February is nearly behind us (already?!), which in the world of farming means that as the days get longer, so do the to-do lists. There are meticulously planned excel planting spreadsheets to track, beds to prep, greenhouses to fill, engines to crank back up, irrigation lines to set out, weeds to tackle, CSA shares to sell, and calluses to build back to their autumnal toughness.
Amid the spring hustle-bustle, I'm continually humbled by this young farm community, which is so willing to share + learn from each other. Today I'm thrilled to share an awesome Eat like a Farmer interview with two farmers we could all learn a lot from - Beth and Erik of Even Pull Farm. Based in the beautiful Yamhill Valley in Western Oregon, Beth and Erik are first generation farmers growing a diverse bounty of vegetables and cut flowers via their robust CSA program, farmers markets, and restaurant sales. Just a warning - if you aren't hungry yet, you will be by the end of this interview, as we cover all kinds of kitchen wisdom - from the art of slow cooking cabbage to caramelized perfection - to hints about using salt, acid, olive oil to heighten flavor - to a kickbutt chicory salad recipe and heaps more... dig in folks!
Where is your farm located and what to you grow? Our little farm is located on 3 acres just outside of McMinnville, Oregon. Our county, Yamhill County, is right in the heart of Willamette Valley wine country and is also a more traditional agricultural county growing tons of hazelnuts, grass seed, small grains, blueberries, and more. We grow mixed vegetables and cut flowers for our CSA program (year-round for veggies and seasonal for bouquets), plus a seasonal Farmers Market in McMinnville, and to more than a dozen restaurants around Yamhill County. We are very proud that everything we grow is sold within our small rural county, with a population of just over 100,000 people.
Walk us through a typical day on your farm and in your kitchen (ie what do you eat on a typical day)? I’m not sure there is such a thing as a typical day on the farm, just because it changes so much from season to season! Right now, in the winter, I will usually kick off the day with a big cup of coffee, breakfast (eggs, toast & greens with salsa and avocado, or alternately oatmeal with lots of seeds and nuts and maybe some frozen berries), and computer work. In January we spend a lot of time on the computer: updating our website, creating marketing materials for our CSA, doing our books and looking at financial projections, ordering supplies, crop planning… Then I will head to the farm and work on the tasks for that day: it might be harvest and delivery, seeding in the greenhouse, or infrastructure projects. In the winter, I head home (we don’t live on the farm) around 5 or as the light fades, and will maybe make a quick snack while I figure out my dinner plan. Dinner is the biggest meal of the day for us, and it’s where I like to get creative, use tons of veggies, and we sit down and eat together. My partner Erik works off of the farm four days a week, so we tend to eat late after we both get home & after I cook up a big meal from scratch. I am all about the veggies, and like to pack them in to recipes that aren’t traditionally veggie-centric, like pasta sauces, casseroles, soups, and so on. We also LOVE chicory salads in the winter, and make them at least a couple of times a week as long as we have lots of chicory!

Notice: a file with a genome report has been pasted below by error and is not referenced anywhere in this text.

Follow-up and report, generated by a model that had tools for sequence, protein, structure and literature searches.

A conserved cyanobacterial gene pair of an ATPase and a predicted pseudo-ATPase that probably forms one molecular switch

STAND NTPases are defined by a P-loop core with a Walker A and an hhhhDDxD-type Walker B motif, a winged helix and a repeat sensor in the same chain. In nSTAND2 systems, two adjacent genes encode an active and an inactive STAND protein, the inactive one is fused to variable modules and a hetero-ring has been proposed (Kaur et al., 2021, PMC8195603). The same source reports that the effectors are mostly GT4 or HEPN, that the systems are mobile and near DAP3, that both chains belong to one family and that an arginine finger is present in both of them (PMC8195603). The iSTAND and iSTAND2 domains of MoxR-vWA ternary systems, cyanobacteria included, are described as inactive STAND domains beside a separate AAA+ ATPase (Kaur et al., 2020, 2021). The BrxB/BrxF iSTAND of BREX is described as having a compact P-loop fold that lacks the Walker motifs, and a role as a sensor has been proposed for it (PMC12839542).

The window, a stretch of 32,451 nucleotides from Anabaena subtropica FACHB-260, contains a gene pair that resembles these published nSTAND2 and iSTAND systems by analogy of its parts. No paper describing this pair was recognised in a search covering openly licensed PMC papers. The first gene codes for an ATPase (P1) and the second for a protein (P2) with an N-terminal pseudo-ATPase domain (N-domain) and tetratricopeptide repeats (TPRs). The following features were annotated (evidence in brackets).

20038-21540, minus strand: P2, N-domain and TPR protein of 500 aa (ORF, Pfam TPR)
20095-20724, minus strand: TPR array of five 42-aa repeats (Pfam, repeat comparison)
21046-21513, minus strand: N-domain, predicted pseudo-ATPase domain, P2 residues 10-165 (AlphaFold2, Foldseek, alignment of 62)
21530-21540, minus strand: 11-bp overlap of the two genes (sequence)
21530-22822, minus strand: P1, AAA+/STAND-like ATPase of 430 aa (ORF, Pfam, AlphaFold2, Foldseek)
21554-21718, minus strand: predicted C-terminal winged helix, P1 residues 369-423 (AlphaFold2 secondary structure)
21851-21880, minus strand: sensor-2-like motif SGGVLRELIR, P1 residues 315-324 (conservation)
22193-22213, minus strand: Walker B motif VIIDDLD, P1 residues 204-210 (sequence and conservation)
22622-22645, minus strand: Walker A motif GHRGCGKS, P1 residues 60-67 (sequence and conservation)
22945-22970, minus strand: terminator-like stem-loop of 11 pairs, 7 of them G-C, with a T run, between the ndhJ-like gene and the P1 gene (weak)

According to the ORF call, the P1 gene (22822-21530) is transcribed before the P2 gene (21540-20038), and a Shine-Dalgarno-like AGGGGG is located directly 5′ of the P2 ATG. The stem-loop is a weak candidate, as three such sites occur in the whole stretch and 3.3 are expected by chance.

In the main growing season (say early April - end of November), I typically will be up and running out to the farm first thing in the morning to vent our propagation house and then dig into the day’s work. This is the time of year where we set the coffee maker timer the night before, grab a quick piece of peanut butter toast and a smoothie, and then jet. Eating well in the main season is a real challenge for us. Because we don’t live on the farm, when we head out in the morning we have to bring everything we need with us. Some days I am lucky enough to have left overs to bring, or I’ll make a giant smoothie that I sip on throughout the day. There are a lot of Clif bars, cheese & crackers, and hummus. We do snack on lots of veggies (and strawberries!) as we’re out working, but real meals are tricky during the day. Early in the spring we usually get home early enough to tackle a good dinner, but in August we stop for take out burritos at 10pm on the way home way more often then I’d like to admit. Keeping ourselves in enough calories with all of the hard, physical labor of farming is a serious trick! It feels like a full time job, and it’s an ongoing joke between Erik and me that I am ALWAYS hungry. This season one of my biggest goals is to eat two square meals every day all season long. And we’re taking some big steps toward that, including our recent purchase of a little vintage trailer that will be parked at the farm. It has a full kitchen in it, plus a little dinette and even a spot for a futon so we can take naps! It’s going to be a huge improvement for our quality of life this summer, and I am so excited about it!